Executive Summary

This landscape analysis commissioned by the High Meadows Institute provides a first of its kind overview of integration of nonfinancial data by major players of the capital markets value chain. Over the past ten years, major progress has been made in moving to a new investment paradigm where nonfinancial data are used to improve the capital allocation efficiency and therefore the functioning of global markets, with the goal being the private sector producing more sustainable and inclusive economic outcomes.

The report identifies a number of opportunities for further progress. First, although many worthwhile frameworks have been produced to date, we still lack convergence and standardization in measuring intangible assets and clarity in defining the ‘path to value’, i.e. how better management of intangible assets affects key financial parameters, namely return on capital, growth and cost of capital. Given this void, the Institute seeks to work with a number of financial institutions to enable the creation of a path to value.

Second, while certain asset owners have been the protagonists in ESG integration and incentivizing the rest of the capital market players to practice ESG integration, the analysis suggests that most of the largest asset owners do not have the governance and incentive systems that promote ESG integration. Relatedly, while most of the largest asset managers are now using nonfinancial data in their investment process, for many of them this involves screening techniques rather than ‘true’ ESG integration where nonfinancial data are formally embedded and accounted in valuation models. A critical element for true ESG integration is analysts and portfolio managers training in analyzing nonfinancial data. The Institute seeks to cooperate with educational organizations, such as the CFA Institute, in promoting education on ESG integration for financial analysts.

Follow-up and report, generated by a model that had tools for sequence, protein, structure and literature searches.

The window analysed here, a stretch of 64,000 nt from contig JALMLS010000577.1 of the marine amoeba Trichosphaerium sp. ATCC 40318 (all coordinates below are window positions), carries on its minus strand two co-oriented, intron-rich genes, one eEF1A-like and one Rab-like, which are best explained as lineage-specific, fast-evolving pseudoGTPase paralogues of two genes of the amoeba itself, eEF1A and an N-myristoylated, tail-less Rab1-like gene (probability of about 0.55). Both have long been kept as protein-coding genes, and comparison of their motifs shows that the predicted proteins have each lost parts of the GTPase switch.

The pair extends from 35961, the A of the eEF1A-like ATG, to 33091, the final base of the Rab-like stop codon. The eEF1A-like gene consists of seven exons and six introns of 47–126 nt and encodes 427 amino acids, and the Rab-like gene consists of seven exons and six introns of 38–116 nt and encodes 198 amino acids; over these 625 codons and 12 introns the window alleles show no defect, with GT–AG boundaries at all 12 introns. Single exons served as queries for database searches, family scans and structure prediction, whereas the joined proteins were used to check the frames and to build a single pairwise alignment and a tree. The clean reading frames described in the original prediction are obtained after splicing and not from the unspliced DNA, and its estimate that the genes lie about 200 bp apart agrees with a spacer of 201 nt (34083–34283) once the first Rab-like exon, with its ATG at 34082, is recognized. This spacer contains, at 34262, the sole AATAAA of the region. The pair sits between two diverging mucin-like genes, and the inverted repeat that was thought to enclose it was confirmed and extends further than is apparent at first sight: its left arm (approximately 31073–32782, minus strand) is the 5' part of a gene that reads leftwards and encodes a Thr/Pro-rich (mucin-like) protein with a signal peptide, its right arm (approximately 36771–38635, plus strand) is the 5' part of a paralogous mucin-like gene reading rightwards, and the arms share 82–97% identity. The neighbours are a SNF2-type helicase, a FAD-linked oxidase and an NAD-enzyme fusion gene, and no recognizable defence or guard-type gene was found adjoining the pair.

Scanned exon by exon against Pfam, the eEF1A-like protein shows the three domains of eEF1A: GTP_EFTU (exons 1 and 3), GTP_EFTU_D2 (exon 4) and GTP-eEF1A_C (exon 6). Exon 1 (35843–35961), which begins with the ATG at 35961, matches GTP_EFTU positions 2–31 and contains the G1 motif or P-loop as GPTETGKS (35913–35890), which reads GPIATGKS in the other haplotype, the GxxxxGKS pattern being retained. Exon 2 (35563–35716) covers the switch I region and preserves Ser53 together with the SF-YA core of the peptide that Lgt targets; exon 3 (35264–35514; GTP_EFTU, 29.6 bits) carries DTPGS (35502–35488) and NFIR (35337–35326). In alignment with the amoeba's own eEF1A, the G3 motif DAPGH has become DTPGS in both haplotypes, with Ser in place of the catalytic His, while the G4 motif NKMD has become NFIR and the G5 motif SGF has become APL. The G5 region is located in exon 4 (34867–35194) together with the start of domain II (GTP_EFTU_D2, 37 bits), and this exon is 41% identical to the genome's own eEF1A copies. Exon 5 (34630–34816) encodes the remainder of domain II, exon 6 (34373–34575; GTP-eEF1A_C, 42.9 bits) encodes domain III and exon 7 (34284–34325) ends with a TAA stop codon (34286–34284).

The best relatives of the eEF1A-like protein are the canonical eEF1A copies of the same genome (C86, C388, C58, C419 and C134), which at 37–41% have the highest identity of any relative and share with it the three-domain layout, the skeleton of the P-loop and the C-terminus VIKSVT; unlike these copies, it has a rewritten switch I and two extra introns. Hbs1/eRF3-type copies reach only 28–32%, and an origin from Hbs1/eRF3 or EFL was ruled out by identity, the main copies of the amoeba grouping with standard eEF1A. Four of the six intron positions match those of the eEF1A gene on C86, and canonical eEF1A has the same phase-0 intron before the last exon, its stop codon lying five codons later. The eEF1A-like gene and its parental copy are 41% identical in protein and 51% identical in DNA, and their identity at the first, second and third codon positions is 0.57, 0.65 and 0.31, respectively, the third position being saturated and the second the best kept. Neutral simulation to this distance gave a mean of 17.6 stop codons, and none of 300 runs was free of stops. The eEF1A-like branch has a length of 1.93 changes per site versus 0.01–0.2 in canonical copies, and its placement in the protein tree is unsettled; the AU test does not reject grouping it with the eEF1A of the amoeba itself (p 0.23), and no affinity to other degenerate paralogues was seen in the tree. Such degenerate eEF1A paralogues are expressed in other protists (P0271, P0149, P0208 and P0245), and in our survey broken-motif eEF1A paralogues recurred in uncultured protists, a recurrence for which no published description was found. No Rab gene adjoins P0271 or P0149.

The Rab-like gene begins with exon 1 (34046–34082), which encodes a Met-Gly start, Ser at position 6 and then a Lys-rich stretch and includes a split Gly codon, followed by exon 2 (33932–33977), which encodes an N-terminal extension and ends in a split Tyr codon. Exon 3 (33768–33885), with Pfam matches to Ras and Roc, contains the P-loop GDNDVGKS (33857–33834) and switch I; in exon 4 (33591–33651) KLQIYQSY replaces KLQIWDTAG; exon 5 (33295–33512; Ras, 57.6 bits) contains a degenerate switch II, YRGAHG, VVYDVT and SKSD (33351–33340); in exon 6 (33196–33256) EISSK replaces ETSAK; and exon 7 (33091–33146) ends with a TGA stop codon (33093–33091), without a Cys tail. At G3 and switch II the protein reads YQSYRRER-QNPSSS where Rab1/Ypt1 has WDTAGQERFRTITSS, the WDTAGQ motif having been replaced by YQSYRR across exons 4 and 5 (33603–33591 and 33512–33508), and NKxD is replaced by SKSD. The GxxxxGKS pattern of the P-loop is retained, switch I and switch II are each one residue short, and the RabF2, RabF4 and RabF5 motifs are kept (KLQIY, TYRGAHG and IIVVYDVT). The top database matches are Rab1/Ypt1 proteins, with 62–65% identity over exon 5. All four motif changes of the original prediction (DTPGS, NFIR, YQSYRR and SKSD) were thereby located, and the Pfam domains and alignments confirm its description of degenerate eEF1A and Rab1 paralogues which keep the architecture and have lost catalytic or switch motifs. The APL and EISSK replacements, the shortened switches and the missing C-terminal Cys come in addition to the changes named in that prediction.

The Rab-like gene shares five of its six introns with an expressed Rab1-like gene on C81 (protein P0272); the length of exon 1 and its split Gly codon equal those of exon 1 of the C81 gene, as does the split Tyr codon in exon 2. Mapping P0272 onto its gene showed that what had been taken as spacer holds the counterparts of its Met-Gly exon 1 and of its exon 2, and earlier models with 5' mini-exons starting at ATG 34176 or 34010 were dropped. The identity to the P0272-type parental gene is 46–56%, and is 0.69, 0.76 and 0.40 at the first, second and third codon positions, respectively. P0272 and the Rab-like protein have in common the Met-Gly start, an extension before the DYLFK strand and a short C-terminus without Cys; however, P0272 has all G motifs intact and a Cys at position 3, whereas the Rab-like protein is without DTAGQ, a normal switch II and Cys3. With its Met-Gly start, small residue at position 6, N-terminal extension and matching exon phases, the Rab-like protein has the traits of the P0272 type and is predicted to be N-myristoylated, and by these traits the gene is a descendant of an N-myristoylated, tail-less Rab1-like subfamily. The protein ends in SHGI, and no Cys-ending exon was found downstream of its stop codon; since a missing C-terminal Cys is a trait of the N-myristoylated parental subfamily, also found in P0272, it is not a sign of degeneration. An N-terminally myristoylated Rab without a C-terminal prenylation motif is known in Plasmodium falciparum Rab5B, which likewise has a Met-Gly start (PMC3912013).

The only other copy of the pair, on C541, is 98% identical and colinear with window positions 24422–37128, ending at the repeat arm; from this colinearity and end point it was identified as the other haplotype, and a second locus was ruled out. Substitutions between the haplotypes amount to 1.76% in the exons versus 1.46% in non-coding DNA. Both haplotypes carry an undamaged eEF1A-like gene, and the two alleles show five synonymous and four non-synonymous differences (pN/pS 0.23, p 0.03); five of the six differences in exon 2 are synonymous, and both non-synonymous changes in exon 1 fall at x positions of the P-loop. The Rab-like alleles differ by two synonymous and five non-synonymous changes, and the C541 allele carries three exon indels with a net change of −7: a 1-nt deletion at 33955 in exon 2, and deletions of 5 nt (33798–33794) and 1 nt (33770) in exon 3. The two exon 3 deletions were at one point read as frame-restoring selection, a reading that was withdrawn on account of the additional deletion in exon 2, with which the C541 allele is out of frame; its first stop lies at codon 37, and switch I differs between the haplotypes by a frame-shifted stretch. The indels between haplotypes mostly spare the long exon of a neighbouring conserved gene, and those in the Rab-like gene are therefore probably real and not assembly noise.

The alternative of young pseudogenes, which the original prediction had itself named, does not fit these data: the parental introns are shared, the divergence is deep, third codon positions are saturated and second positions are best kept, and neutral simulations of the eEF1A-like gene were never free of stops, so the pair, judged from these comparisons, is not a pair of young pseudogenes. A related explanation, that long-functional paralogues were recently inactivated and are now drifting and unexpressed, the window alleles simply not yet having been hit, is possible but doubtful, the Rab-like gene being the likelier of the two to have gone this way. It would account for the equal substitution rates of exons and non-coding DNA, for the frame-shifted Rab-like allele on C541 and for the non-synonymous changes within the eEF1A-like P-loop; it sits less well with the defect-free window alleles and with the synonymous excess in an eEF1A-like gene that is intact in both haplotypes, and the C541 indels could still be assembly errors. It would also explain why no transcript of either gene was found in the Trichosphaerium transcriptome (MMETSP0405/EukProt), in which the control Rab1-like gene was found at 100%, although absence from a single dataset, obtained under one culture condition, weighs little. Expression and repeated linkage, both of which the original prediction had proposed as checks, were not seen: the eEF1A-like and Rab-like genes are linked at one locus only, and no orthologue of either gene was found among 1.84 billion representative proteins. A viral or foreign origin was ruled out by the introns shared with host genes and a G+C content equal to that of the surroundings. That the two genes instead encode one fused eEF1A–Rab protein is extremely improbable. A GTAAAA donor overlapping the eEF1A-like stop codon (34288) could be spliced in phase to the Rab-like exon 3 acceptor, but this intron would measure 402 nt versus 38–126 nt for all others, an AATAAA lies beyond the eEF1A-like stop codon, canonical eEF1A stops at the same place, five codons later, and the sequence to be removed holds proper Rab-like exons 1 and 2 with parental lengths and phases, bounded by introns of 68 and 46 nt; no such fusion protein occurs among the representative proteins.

Third, the analysis identifies credit rating agencies as the institutions that lag in adopting ESG integration into business analysis models. This is somewhat counterintuitive since credit rating agencies are in the business of assessing downside risk and ESG factors have been thought of as providing an indication of business risks. We note that this is likely to change as investors are now asking credit rating agencies to adopt ESG integration as is evidenced by the shareholder resolution filed by Calvert Investments in the case of Moody’s. The path to value and the training opportunities produced by the Institute and the industry’s efforts might serve as enablers for credit rating agencies to move from laggards to leaders.

Finally, a significant number of stock exchanges have promoted sustainable investing by offering sustainability-related indices and providing training opportunities to companies and/or investors. However, still many of them have not adopted ESG disclosure requirements for listed companies. Industry self-regulation, where all stock exchanges agree to adopt a common set of disclosure regulations, might be a promising way forward. Given that a path to value will clearly illustrate how nonfinancial data can be used in business analysis and valuation, stock exchanges might find it useful when designing their future disclosure requirements.

Full report

Asset Managers

Asset Owners

Investment Consulting Firms

Credit Rating Agencies

Stock Exchanges

Boutique Investment Managers